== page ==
Arnett Cobb

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Arnett Cobb
Lionel Hampton and Arnett Cobb, Aquarioum, NYC, ca. June 1946 (Gottlieb).jpg
Arnett Cobb (right) and Lionel Hampton, ca. June 1946.
Photo: William P. Gottlieb.
Background information
Birth name Arnette Cleophus Cobbs
Born (1918-08-10)August 10, 1918
Houston, Texas, United States
Died March 24, 1989(1989-03-24) (aged 70)
Houston, Texas, United States
Genres Texas blues
Soul-jazz
Mainstream jazz
Bop
Swing
New York blues
Jump blues
Occupations Saxophonist
Instruments Tenor saxophone
Associated acts Illinois Jacquet, Lionel Hampton

Arnett Cleophus Cobb (August 10, 1918 – March 24, 1989)[1] was an American jazz tenor saxophonist, sometimes known as the "Wild Man of the Tenor Sax" because of his uninhibited stomping style. Cobb is credited with writing the words and music for the jazz standard "Smooth Sailing" (1951), which Ella Fitzgerald recorded for Decca on her album Lullabies of Birdland.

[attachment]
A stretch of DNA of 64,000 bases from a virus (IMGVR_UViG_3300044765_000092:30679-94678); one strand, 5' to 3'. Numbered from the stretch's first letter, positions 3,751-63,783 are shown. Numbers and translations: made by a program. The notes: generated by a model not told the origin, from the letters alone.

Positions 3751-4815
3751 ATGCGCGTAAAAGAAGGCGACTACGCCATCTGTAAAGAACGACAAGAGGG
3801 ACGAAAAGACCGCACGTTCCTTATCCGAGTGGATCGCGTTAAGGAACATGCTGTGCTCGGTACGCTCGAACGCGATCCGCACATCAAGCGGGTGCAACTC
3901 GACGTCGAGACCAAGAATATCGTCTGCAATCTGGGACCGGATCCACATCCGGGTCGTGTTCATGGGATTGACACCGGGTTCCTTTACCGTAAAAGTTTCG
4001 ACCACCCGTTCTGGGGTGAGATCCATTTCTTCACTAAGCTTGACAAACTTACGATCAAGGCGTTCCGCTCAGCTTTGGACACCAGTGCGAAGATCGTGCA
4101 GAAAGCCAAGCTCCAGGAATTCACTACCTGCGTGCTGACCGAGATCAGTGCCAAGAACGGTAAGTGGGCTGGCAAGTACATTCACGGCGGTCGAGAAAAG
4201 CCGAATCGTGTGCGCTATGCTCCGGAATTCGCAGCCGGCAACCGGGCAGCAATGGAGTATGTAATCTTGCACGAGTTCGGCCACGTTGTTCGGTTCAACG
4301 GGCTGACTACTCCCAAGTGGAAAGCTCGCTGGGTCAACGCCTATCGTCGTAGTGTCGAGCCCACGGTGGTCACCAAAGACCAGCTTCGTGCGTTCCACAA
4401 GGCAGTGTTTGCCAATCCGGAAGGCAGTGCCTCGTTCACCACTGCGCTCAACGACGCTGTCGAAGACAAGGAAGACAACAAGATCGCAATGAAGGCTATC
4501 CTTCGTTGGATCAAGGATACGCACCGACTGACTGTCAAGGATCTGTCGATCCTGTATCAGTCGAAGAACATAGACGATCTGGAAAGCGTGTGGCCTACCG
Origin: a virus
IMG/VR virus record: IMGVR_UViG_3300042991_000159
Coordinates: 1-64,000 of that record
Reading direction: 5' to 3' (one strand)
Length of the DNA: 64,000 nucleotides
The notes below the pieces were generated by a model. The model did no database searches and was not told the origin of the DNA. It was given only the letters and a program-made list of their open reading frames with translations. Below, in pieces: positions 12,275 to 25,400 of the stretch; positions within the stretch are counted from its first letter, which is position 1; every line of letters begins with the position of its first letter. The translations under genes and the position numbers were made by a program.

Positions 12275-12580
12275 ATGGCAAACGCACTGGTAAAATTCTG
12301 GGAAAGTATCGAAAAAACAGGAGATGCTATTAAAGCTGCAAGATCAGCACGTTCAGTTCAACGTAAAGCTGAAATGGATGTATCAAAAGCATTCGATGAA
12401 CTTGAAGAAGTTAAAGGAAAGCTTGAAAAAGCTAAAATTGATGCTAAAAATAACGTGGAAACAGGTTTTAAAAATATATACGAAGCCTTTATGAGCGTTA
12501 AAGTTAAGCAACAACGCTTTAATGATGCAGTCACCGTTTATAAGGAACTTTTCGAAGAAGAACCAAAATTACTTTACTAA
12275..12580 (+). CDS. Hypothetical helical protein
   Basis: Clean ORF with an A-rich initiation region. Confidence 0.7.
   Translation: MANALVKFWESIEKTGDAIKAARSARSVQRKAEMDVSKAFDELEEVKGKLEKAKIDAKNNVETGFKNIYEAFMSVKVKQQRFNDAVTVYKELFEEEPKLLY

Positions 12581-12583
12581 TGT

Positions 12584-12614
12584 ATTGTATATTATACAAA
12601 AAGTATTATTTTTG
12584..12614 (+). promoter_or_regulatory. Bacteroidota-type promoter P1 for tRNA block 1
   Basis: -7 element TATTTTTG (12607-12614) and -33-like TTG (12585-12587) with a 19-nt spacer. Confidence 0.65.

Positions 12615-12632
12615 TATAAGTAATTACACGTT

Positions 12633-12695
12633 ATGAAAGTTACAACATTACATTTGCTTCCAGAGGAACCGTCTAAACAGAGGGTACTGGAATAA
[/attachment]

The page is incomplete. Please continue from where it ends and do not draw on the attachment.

Biography[edit]

Born in Houston, Texas,[1] he was taught to play piano by his grandmother, and he went on to study violin, before taking up tenor saxophone in the high school band. At the age of fifteen he joined Louisiana bandleader Frank Davis's band, doing shows in Houston and throughout Louisiana during the summer.[2] Cobb continued his musical career with the local bands of trumpeter Chester Boone, from 1934 to 1936, and Milt Larkin, from 1936 to 1942 (which included a period on the West Coast with Floyd Ray). Among his bandmates in the Larkin band were Illinois Jacquet, Eddie "Cleanhead" Vinson, Tom Archia, Cedric Haywood, and Wild Bill Davis.[3] Having turned down an offer from Count Basie in 1939,[2] Cobb replaced Jacquet in Lionel Hampton's band in 1942, staying with Hampton until 1947. Cobb's featured solo on Hampton's theme song "Flying Home No. 2" generated much excitement, his blasting style earning him the label "Wild Man of the Tenor Sax".[2]

Cobb then started his own seven-piece band, but suffered a serious illness in 1950, which necessitated spinal surgery. Although he re-formed the band on his recovery, in 1956 its success was again interrupted, this time by a car crash. This had long-term effects on his health, involving periods in hospital, and making him permanently reliant on crutches.[4] Nevertheless, Cobb worked as a soloist through the 1970s and 1980s in the U.S. and abroad. As late as 1988 he played with Jimmy Heath and Joe Henderson in Europe.[4]

He died in his hometown, at the age of 70 in 1989.[1]

Discography[edit]

With Eddie "Lockjaw" Davis

References[edit]

External links[edit]